A father in upstate New York dropped off his two older children at school in 2014, then parked his car outside his house and went to work. He forgot that his 15-month old daughter was still in her car seat, and she died of heatstroke.

Two years later, a similar death occurred in another upstate town when a baby boy sweltered to death in his car seat while his father, a police officer, did chores.

Then last week, a social worker from Rockland County, a suburb northwest of New York City, delivered his 4-year-old to day care and went to work at a Bronx hospital, leaving his year-old twins to die in his car in the heat.

Though the tragic incidents were jarringly similar, the decisions by prosecutors who handled each of the cases were not. Prosecutors charged the social worker with manslaughter in the deaths of his twins, while the other two fathers upstate never faced charges.

The wide variation in charges highlight the complex and fraught nature of the decisions confronting prosecutors — in New York and nationally — who must decide whether to indict grieving parents who said they simply had forgotten that they had left a young child in a hot car, a nightmarish phenomenon that claims about three dozen lives a year across the country.

Those decisions are influenced by many factors: a desire among some prosecutors to extend mercy to parents they believe made a tragic mistake, scientific questions about faulty memory and legal considerations about whether the state can prove the parent is guilty of a crime. Decisions are often made in the face of inflamed public opinion on both sides of the debate.


As a result, some parents who forget their children in cars face no charges, others are charged with felonies like involuntary manslaughter and still others are charged with misdemeanors, like child endangerment.

“All in all, there is no rhyme or reason to how these cases are treated,” said Amber Rollins, the director of KidsandCars.org, an organization that has analyzed 833 pediatric deaths caused by heatstroke in hot cars since the mid-1990s.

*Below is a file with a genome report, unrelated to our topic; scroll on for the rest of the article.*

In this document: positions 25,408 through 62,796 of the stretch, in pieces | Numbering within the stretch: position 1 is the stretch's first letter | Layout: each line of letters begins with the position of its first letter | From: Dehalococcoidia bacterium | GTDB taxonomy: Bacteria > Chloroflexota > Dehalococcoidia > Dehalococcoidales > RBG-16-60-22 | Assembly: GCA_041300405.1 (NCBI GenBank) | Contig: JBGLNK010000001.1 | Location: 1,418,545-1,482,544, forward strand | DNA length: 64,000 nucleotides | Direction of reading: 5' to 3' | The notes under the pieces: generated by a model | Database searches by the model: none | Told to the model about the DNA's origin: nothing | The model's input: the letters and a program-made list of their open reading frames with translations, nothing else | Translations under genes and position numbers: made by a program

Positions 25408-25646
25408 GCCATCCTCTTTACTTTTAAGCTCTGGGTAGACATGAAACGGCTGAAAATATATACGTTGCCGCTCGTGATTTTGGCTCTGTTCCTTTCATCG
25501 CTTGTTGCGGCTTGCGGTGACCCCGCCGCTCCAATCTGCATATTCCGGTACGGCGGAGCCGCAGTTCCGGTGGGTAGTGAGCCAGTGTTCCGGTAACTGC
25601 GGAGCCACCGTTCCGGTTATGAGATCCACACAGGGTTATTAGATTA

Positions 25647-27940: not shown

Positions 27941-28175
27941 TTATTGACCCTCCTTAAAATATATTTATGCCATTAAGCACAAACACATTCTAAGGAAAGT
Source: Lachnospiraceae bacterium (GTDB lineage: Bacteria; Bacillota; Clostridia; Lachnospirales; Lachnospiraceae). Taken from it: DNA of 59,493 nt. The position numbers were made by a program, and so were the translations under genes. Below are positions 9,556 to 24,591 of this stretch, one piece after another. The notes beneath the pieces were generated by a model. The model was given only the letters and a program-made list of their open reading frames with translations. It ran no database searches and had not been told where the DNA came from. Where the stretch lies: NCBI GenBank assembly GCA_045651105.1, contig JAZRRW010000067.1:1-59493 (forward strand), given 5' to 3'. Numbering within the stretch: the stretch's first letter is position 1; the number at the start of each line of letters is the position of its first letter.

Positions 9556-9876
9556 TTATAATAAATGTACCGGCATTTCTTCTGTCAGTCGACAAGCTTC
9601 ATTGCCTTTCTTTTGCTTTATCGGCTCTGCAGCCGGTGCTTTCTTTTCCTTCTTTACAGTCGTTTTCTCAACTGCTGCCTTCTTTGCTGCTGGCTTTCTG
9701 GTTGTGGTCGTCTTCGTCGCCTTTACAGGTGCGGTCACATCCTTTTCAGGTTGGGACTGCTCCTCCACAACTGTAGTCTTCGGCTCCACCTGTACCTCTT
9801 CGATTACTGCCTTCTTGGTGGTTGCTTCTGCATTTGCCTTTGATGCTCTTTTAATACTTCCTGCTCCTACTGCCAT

In the Bronx case, the social worker, Juan Rodriguez, told the police he was convinced he had dropped the twins off safely at their day care after he had dropped his older son off at another child-care provider.

But he had not. While the babies slept, he drove his usual route to the Bronx, parked outside a veterans’ hospital where he worked and put in a full day, from 8 a.m. to 4 p.m., the police said. He had started to drive home before he realized the babies, having died of heatstroke, were still in the back seat. “I blanked out,” he told the police. “I killed my babies.”

His wife, Marissa A. Rodriguez, has stood by him, calling the deaths a horrific accident.

The Bronx district attorney, Darcel D. Clark, immediately charged Rodriguez with manslaughter and criminally negligent homicide, based on a sworn complaint from the police. Clark has not commented on her reasons for moving so quickly in Rodriguez’s case, which is one of the first of its kind in her borough.


It remains unclear if Clark will bring Rodriguez’s case to a grand jury and seek an indictment. Her office is continuing to investigate the case with the police, a spokeswoman, Patrice O’Shaughnessy, said. Rodriguez is due back in court Thursday.

Rollins said her organization had identified 494 deaths involving caregivers who, like Rodriguez, said they were not aware they had left their babies in hot cars. In 43% of those cases, no charges were filed. In 32% of the cases, the caregiver was charged and convicted. And in 11% of the cases, the person was charged with a crime, but the judge or jury did not convict. The other 14% accounts for cases that are still open or the status is unknown.